When the train's a comin'

What to do with habitual thought

Photo courtesy of Antoine Beauvillian

Photo courtesy of Antoine Beauvillian

Many times in life, we are struck by a worrisome or stressful thought and feeling. It can nag and itch at us and we seem hopelessly helpless to turn away.

Soon enough, we become consumed by these thoughts and before long our feelings begin to affect our day.

If such thoughts and feelings become habitual, they can even affect a lifetime. Quite literally.

So, what do we do with such habitual thoughts?

Let me share a little story:

When my daughter was a baby, we moved to Greenwich, CT. For the first few weeks, we stayed with friends until our own house was ready.

Our friend’s house was perfect. It was walking distance to the center of town and absolutely charming for any young family. It had a great layout, lots of light, wonderful detail and a fabulous kid-friendly backyard.

I knew the cost of houses in Greenwich and marvelled at their luck in finding such a gem at a price point they could afford. Little did I know...but was soon to find out...there was a reason for their good fortune.

As we hustled ourselves to the backyard so the kids could play on that first day of our arrival, I soon noticed the distinctive sound of an oncoming train. Eyes wild and wide, I frantically looked around for its source.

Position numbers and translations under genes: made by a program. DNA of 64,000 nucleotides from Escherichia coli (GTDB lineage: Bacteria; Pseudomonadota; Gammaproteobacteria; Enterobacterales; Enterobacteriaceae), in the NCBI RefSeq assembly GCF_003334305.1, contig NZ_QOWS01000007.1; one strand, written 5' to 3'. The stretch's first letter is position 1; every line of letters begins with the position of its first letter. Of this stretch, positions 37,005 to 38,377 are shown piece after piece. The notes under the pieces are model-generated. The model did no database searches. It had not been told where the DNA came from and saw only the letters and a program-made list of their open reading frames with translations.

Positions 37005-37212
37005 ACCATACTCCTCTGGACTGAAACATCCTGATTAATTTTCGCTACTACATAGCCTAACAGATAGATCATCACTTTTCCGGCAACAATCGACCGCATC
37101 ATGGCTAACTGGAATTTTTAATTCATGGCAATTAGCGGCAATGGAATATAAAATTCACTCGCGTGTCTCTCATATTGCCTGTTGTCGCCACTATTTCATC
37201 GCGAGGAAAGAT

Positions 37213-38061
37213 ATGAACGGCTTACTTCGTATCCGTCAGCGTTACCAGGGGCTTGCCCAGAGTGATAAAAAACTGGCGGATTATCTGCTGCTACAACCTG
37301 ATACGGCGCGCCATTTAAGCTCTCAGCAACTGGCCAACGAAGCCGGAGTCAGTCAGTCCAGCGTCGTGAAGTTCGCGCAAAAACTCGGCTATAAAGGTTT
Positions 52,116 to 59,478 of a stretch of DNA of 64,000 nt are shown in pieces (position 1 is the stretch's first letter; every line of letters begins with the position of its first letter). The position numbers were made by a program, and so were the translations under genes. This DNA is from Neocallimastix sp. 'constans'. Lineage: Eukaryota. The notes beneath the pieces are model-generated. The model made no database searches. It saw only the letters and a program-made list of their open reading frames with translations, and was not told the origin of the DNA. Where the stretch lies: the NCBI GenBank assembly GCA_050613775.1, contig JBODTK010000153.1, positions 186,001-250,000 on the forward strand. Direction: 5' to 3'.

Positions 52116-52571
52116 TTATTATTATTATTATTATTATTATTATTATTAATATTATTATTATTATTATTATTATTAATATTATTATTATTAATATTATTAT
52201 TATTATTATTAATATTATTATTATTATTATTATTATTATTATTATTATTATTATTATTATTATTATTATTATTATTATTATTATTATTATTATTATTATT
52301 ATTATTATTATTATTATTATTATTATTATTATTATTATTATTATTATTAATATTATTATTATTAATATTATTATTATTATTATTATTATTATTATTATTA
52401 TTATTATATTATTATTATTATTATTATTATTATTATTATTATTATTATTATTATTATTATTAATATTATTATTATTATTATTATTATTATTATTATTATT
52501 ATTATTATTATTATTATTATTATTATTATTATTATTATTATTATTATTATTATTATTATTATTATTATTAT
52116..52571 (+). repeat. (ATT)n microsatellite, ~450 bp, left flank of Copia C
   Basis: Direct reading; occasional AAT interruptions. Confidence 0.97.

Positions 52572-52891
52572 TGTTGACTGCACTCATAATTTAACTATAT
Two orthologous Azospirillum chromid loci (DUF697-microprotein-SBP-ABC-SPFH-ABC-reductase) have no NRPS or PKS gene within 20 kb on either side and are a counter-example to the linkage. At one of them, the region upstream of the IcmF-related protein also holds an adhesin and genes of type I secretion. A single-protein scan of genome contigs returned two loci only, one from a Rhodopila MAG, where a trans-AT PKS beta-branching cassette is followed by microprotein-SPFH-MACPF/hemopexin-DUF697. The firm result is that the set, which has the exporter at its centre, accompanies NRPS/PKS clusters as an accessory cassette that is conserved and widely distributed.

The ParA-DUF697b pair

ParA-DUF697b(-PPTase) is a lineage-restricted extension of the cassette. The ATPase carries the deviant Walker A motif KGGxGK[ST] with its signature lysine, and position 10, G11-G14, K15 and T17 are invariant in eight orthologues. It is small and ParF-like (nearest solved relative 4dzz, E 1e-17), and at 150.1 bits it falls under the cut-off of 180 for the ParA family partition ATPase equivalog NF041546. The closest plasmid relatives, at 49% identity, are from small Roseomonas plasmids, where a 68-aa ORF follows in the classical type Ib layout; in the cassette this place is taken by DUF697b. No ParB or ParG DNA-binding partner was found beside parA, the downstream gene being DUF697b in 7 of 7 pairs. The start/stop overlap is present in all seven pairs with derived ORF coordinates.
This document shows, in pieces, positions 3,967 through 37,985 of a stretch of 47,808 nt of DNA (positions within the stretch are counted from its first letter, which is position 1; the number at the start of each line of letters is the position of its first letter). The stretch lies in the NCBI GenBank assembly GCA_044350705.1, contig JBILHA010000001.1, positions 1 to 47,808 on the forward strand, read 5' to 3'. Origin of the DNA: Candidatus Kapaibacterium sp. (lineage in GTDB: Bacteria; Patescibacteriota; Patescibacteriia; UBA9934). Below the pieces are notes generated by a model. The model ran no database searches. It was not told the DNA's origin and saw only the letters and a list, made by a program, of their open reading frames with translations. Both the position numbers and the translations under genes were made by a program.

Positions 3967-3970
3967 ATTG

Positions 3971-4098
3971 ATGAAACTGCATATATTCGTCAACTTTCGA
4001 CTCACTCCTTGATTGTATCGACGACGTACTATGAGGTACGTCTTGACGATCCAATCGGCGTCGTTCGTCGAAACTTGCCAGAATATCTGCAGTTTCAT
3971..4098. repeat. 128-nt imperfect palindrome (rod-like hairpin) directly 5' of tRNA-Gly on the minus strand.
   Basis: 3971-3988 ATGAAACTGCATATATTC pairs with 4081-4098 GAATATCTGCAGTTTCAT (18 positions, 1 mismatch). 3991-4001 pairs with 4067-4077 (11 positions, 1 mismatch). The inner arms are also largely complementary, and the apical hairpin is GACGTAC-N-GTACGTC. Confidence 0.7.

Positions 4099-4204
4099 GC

Within seconds my senses were overwhelmed by the imposing presence of a commuter rail as it swooshed past us at the edge of the backyard...a stone’s throw from the swing set.

Amongst the many thoughts I had in that moment, I seemed most concerned with our (*cough, cough*, my) ability to survive the next three weeks with such a steady eruption of noise every few hours mere meters from the house.

It seemed to me that our schedule would be directly impacted and dictated by the schedule of the train. I would have to work around its’ presence since I was sure that the noise factor alone would be a disruptive force in naptime and playtime and bedtime and quiet time and so on.

A funny thing happened over the course of our three week stay, however.

As the days wore on, I forgot about the train. I forgot about the noise. I forgot about the schedule. I forgot about how I thought I would feel. I simply forgot and became engaged in the living of life.

Our only true reminder of the train schedule occurred during the evening news when the volume of the TV would surreptitiously increase as the train passed the house.

Train or no train, we all just got on with living.

It can be the same with our minds and with whatever habitual thought we may be entertaining.

Although it seems like such thought is relentless and all consuming...much like a train in a backyard...it is possible to turn away and simply engage in the living of life.

Trains, like thought, will come and go. It’s in their nature to do so.

Best let them carry on without getting carried away.

Lana Bastianutti